A more serious change was also underway. Although the Phelpses didn’t proselytise, they were willing to accept non-family members who shared their flinty-hearted vocation. Among these was Steve Drain, a film-maker who had come to make a documentary attacking the church but ended up joining it. Megan felt from the start that Drain wanted to take over the leadership of the church, and in due course he made his move: a series of strikes against Megan’s mother while she was recovering from an operation, contriving a situation in which she was formally shamed, stripped of all her responsibilities and threatened with forcible shunning by her children. The pretext was her abrasive management style (or, scripturally, her ‘undisciplined tongue’), but it became clear that her real crime was being a woman who wielded power. She is hardly a sympathetic character, but the drawn-out humiliation and meekly submissive decline of Shirley Phelps-Roper is painful to read about. (In a TV interview with Louis Theroux, made after Megan and her sister Grace defected, she gives an impression of ravaged bewilderment that is all the more pitiful for her seeming inability to relent or fault the church in any way.)
After neutralising her, Drain proceeded to replace the consensus-based governance of the church with a system of top-down decrees from an all-male group of ‘elders’. New standards of modesty were imposed on the women, who were now required to take direction from their male guardians. The old community spirit gave way to mutual suspicion, with covert alliances and betrayals among members, and constant fear of denunciation. Suddenly we are in Margaret Atwood’s Gilead.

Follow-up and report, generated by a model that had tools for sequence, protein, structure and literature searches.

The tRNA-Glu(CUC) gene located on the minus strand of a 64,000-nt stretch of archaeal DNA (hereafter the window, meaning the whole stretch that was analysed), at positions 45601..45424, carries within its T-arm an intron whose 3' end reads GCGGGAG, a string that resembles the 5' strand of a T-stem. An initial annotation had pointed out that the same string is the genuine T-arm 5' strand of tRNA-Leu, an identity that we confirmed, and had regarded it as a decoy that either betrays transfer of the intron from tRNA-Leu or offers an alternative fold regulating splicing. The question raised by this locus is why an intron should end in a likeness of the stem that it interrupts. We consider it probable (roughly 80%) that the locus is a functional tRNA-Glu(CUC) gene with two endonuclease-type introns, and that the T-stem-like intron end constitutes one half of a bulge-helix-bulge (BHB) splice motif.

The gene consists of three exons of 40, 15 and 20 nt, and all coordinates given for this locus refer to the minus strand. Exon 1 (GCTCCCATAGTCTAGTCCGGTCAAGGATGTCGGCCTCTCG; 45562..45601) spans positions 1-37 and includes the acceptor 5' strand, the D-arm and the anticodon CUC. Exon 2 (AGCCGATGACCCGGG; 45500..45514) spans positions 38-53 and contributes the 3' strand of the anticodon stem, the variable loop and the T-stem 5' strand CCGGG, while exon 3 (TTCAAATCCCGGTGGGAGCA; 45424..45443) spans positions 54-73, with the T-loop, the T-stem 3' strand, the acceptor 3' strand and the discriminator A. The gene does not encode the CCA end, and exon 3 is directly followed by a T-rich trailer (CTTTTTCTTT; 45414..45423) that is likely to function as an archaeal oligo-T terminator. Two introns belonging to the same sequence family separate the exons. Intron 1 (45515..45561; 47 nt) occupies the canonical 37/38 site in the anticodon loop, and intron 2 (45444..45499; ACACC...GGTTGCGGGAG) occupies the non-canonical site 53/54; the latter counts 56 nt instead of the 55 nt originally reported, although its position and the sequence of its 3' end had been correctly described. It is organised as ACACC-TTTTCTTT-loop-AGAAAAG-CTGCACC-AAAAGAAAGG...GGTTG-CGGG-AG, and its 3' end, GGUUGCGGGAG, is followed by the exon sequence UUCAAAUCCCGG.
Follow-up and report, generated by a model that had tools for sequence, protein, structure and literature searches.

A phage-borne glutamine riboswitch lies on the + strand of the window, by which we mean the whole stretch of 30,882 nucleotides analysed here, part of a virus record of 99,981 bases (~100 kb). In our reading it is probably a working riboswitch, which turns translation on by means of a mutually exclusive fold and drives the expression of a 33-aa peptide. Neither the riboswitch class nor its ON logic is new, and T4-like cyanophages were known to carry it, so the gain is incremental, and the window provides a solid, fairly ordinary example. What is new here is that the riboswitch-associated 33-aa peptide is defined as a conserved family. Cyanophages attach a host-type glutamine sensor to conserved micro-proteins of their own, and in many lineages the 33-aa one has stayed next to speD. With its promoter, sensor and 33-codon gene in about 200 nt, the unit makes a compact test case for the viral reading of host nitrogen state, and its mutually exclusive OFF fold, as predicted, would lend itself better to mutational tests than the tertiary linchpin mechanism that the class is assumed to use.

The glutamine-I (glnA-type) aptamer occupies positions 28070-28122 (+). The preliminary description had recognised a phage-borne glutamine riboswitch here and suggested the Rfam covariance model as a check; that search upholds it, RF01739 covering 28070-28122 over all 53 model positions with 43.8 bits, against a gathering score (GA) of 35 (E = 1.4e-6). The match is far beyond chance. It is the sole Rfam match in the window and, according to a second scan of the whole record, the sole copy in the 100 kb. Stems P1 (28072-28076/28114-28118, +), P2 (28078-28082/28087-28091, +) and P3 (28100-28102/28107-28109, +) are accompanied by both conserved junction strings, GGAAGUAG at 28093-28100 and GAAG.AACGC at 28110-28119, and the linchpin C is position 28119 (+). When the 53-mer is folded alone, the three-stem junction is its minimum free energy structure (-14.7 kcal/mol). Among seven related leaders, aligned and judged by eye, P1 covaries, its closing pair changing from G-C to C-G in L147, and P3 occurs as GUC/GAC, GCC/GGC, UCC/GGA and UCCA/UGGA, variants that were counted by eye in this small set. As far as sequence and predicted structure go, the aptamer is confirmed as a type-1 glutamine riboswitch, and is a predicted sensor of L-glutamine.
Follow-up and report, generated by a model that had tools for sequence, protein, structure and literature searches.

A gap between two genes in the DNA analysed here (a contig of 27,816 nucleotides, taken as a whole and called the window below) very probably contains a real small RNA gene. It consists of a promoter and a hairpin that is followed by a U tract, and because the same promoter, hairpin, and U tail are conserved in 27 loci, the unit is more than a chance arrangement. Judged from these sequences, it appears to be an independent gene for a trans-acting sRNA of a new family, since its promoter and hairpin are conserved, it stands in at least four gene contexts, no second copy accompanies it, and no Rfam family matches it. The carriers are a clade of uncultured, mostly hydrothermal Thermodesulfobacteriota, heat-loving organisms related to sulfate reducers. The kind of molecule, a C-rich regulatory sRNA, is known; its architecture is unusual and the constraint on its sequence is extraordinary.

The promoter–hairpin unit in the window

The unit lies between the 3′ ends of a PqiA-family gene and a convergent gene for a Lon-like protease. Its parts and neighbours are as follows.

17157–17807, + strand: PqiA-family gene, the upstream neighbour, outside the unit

Drain may have become the Westboro Baptists’ St Paul – the convert who stiffens the creed and seizes control – but he is a ludicrous figure even by Westboro standards. You can watch him and one of the uncles on YouTube, being nimbly tormented by Russell Brand: two pudgy doofuses you’d think twice about accepting a pizza delivery from, let alone instruction concerning your immortal soul. And yet not even Drain, whom she clearly loathed, was enough to push Megan over the edge. In her twenties now, she had become adept at ‘batting away’ troublesome feelings. Old habits of blind obedience and biblical justification suppressed her doubts, and when that stopped working there was fear: fear of being shunned by her loved ones, fear of being unfit for survival in a world that was surely not going to be well disposed towards her, fear of spending eternity in hell. Among the more potent ideas holding her in thrall was the Westboro version of Calvin’s Doctrine of Election, which held that, while one’s fate in the afterlife was predestined, willing obedience to the church was a sure sign – in fact the only reliable sign – that one was among God’s chosen. This seems to have had a crippling effect on Megan, who dispelled mutinous thoughts before she could even articulate them. Much of the book’s fascination lies in its depiction of this prolonged state of agitated paralysis.
What force, you might ask, could possibly succeed where intelligence, innate decency and total disillusionment with the church had failed? In a word, Twitter. Megan became Westboro’s official Twitter voice in 2009. The job, which involved educating people about the church and defending its actions, compelled her to communicate with the world in a new way. Twitter followers, unlike bereaved parents, could silence her with a click if she annoyed them, so she began to cultivate a friendlier persona. People responded, and she enjoyed the sparring, bantering relationships that developed. The film-maker Kevin Smith, who had based a movie on the church, engaged with her on the platform, launching a campaign to #savemegan, and carrying a sign at Sundance that read ‘GOD THINKS MEGHAN’S [sic] HOT.’ For a woman who at the age of 24 had voluntarily installed a tracking app on her own phone so that her mother could keep tabs on any ‘concupiscent’ tendencies, and had submitted to being ‘kindly chided’ by an older brother when she showed signs of interest in a salesman at the local mall, this could hardly fail to have an impact.